HERE IS a measure of how far things have changed. In 1980, some
2000 Roman Catholic lay people, priests, and bishops gathered for a
National Pastoral Congress in Liverpool. It offered a critique of
Church policy on contraception, communion for remarried Catholics,
married priests, and women's ordination. When Cardinal Basil Hume
presented its findings to Blessed John Paul II, the pontiff very
publicly rejected them.
Only three decades later - not a long time for an institution
which famously thinks in centuries - a new pope takes a very
different attitude. Pope Francis, who says he wants to move away
from a "Vatican-centric" approach to decision-making, has sent out
a questionnaire to elicit the views of ordinary Catholics on the
very same issues, plus gay marriage and adoption. A synod on the
family will consider the results in October 2014.
The Catholic Bishops' Conference of England and Wales has gone
one step further, and put the questionnaire online, passing on the
Pope's request that lay Catholics should say "openly and with all
sincerity, what they really think". The Secretary-General of the
Synod of Bishops, Archbishop Lorenzo Baldisseri, has said: "We
don't just want the bishops sitting around a table and drawing up a
If the questionnaire is unprecedented, however, the questions -
which the English bishops concede are "numerous and imperfectly
phrased" - are loaded with presuppositions that a lawyer would
describe as leading questions, such as: "What are the cultural
factors which hinder the full reception of the Church's teaching on
Not all questions need be answered, we are told. And there is
clear scope to point out problems: clerical teaching lacks an
understanding of the complex reality of marriage as a relationship
which changes profoundly throughout a couple's life together. The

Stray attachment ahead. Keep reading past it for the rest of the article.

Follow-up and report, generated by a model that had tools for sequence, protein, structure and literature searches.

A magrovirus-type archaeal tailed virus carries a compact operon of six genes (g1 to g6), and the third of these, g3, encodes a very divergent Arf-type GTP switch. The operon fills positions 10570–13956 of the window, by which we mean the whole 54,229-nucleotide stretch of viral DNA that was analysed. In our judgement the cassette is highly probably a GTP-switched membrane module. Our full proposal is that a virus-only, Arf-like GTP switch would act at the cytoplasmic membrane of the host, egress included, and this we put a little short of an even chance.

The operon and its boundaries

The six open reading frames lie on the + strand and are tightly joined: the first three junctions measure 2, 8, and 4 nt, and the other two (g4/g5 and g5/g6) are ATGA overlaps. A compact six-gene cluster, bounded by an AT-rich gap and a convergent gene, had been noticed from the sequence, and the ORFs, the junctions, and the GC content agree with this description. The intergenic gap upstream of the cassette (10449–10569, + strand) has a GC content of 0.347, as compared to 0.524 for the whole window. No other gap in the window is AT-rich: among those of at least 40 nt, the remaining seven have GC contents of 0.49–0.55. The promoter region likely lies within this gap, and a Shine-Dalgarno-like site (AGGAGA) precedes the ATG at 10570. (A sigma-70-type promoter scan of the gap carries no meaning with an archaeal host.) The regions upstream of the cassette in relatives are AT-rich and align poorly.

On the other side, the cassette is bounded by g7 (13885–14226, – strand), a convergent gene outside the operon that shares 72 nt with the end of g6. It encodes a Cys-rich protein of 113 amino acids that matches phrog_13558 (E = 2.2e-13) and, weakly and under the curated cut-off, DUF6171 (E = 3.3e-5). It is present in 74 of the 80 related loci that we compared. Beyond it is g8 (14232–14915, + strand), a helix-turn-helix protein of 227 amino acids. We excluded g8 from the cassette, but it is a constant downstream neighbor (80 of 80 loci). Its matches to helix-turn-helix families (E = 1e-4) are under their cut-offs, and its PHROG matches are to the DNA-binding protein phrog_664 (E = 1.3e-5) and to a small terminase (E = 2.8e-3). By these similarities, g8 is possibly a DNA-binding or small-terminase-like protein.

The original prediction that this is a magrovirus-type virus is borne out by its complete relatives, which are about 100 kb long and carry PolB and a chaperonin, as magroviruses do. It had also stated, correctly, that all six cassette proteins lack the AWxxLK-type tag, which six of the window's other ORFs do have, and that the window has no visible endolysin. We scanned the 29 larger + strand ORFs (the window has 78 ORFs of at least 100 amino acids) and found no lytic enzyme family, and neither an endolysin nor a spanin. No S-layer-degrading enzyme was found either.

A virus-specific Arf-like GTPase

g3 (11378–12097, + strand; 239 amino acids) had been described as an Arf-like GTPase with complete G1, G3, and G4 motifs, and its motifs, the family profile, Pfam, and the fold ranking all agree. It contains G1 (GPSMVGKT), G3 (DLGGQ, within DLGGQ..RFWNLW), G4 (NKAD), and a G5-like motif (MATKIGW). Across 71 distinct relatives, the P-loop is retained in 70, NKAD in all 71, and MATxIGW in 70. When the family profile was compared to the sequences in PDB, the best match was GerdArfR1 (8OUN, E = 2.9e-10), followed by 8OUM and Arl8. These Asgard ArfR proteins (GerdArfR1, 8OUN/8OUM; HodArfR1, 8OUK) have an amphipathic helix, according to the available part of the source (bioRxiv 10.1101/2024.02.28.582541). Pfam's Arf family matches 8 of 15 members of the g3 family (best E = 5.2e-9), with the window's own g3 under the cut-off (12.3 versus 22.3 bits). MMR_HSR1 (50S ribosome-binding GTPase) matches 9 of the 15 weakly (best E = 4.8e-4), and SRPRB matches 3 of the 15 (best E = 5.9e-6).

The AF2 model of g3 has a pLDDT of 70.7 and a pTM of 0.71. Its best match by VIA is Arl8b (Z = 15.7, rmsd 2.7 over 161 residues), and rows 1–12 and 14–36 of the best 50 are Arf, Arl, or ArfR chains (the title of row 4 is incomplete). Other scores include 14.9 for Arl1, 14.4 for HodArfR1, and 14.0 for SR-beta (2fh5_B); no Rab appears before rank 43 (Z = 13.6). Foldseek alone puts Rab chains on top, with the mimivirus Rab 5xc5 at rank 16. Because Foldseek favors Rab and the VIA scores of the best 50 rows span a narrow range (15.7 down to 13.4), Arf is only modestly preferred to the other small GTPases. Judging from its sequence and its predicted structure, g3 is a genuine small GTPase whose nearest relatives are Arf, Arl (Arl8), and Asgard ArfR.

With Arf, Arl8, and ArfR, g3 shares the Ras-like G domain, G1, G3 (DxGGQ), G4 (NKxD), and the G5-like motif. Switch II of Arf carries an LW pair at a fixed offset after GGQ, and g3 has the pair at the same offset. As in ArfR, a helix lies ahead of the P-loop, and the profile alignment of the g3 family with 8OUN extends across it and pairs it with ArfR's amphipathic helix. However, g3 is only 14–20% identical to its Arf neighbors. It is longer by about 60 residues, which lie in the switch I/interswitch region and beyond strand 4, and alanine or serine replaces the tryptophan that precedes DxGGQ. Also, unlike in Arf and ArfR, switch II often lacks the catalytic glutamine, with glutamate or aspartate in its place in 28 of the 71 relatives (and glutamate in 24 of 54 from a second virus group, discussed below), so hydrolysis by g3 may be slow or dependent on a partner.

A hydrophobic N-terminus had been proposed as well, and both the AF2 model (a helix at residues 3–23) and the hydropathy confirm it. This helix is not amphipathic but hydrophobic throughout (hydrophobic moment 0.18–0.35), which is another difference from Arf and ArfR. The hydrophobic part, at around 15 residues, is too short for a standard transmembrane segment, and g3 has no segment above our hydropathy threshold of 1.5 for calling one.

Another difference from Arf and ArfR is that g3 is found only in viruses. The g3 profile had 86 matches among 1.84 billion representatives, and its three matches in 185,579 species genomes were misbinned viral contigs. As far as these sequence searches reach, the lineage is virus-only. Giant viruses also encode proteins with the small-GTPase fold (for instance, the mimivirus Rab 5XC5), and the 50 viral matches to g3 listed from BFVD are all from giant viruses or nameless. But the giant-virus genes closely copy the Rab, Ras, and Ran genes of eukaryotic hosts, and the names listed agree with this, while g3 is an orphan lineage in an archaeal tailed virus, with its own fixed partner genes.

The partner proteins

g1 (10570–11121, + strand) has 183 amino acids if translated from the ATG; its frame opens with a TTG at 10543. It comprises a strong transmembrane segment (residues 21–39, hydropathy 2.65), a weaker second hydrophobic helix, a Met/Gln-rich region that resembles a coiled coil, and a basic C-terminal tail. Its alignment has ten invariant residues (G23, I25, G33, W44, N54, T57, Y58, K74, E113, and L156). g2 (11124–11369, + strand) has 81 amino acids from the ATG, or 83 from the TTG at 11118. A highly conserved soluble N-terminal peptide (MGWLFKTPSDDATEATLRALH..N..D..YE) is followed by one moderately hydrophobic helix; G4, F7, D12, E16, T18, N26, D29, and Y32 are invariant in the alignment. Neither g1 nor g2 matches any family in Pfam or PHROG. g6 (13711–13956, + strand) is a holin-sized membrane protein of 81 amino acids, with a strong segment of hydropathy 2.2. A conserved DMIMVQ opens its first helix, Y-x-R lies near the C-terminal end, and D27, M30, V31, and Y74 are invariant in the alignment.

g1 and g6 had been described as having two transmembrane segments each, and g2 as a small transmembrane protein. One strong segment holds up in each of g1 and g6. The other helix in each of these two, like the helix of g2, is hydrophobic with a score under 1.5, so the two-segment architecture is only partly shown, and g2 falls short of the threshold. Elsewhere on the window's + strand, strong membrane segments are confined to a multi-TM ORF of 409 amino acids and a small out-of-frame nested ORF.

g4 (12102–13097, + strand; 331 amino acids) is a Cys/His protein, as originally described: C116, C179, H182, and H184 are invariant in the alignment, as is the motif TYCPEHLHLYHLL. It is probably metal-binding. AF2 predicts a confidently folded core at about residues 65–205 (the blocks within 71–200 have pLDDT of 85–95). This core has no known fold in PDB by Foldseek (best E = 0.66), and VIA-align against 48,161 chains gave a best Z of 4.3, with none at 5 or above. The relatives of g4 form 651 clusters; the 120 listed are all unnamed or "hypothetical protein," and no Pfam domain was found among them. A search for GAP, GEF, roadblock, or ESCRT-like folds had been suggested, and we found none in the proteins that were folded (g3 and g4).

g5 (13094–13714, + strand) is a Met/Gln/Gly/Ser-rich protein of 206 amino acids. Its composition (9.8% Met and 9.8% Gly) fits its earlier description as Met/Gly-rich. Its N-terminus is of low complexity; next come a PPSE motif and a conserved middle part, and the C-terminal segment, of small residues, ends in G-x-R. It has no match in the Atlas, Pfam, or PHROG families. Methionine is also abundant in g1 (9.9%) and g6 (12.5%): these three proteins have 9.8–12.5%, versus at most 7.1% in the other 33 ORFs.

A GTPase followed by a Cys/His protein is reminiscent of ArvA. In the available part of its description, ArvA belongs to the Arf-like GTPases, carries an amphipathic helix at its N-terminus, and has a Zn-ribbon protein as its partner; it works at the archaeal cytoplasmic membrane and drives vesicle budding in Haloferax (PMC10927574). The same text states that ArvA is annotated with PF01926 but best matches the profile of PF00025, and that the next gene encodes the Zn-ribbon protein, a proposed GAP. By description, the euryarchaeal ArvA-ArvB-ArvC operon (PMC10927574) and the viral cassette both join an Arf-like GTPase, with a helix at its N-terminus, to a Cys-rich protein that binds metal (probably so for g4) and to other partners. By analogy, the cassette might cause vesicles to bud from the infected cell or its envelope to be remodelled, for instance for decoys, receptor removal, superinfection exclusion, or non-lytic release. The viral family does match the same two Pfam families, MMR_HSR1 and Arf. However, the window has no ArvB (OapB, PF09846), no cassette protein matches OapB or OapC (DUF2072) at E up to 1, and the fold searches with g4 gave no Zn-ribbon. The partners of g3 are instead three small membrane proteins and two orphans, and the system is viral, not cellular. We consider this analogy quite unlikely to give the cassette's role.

Church's anthropology of family largely neglects childless couples,
single parents, and children who need the Church to offer human
warmth rather than counsels of perfection. And clerics need to
understand that Rome's linguistic genuflections to an inclusive
attitude to gay people, which mask a thinly veiled psychology of
distaste and hostility, appear to others to be at odds with gospel
values of love, justice, and inclusion.
Will saying this make any difference? The synod's
Relator-General, Cardinal Peter Erdo, told reporters that responses
to the questionnaire would not prompt a change in the Church's
Magisterium. "We don't want to reopen a discussion on Catholic
doctrine, but look at all situations based on a pastoral approach,"
But the synod is to include a "large number of women" and lay
men as experts and observers. Another of its officials, Archbishop
Bruno Forte, has said: "We must take a risk." Church teachings, he
noted, can "develop" over time. And the Pope himself, in his press
conference on the plane back from Rio, said on the subject: "I
think this is the moment for mercy," and cited the different praxis
of the Orthodox Church on the issue.
Precedent suggests that there are risks in raising expectations.
When Blessed John XXIII in 1963 created a commission to study
birth-control, the world assumed that a change in church teaching
was imminent. Instead, Pope Paul VI affirmed the traditional ban in
Humanae Vitae, in what was perhaps the single greatest
blow to the credibility and authority of the Church in living
memory. But the winds of change seem to be blowing through the
The faithful have until 30 November to fill in their responses
at www.catholic-ew.org.uk, under Family Questionnaire.
Paul Vallely's biography, Pope Francis - Untying the
knots, is published by Bloomsbury.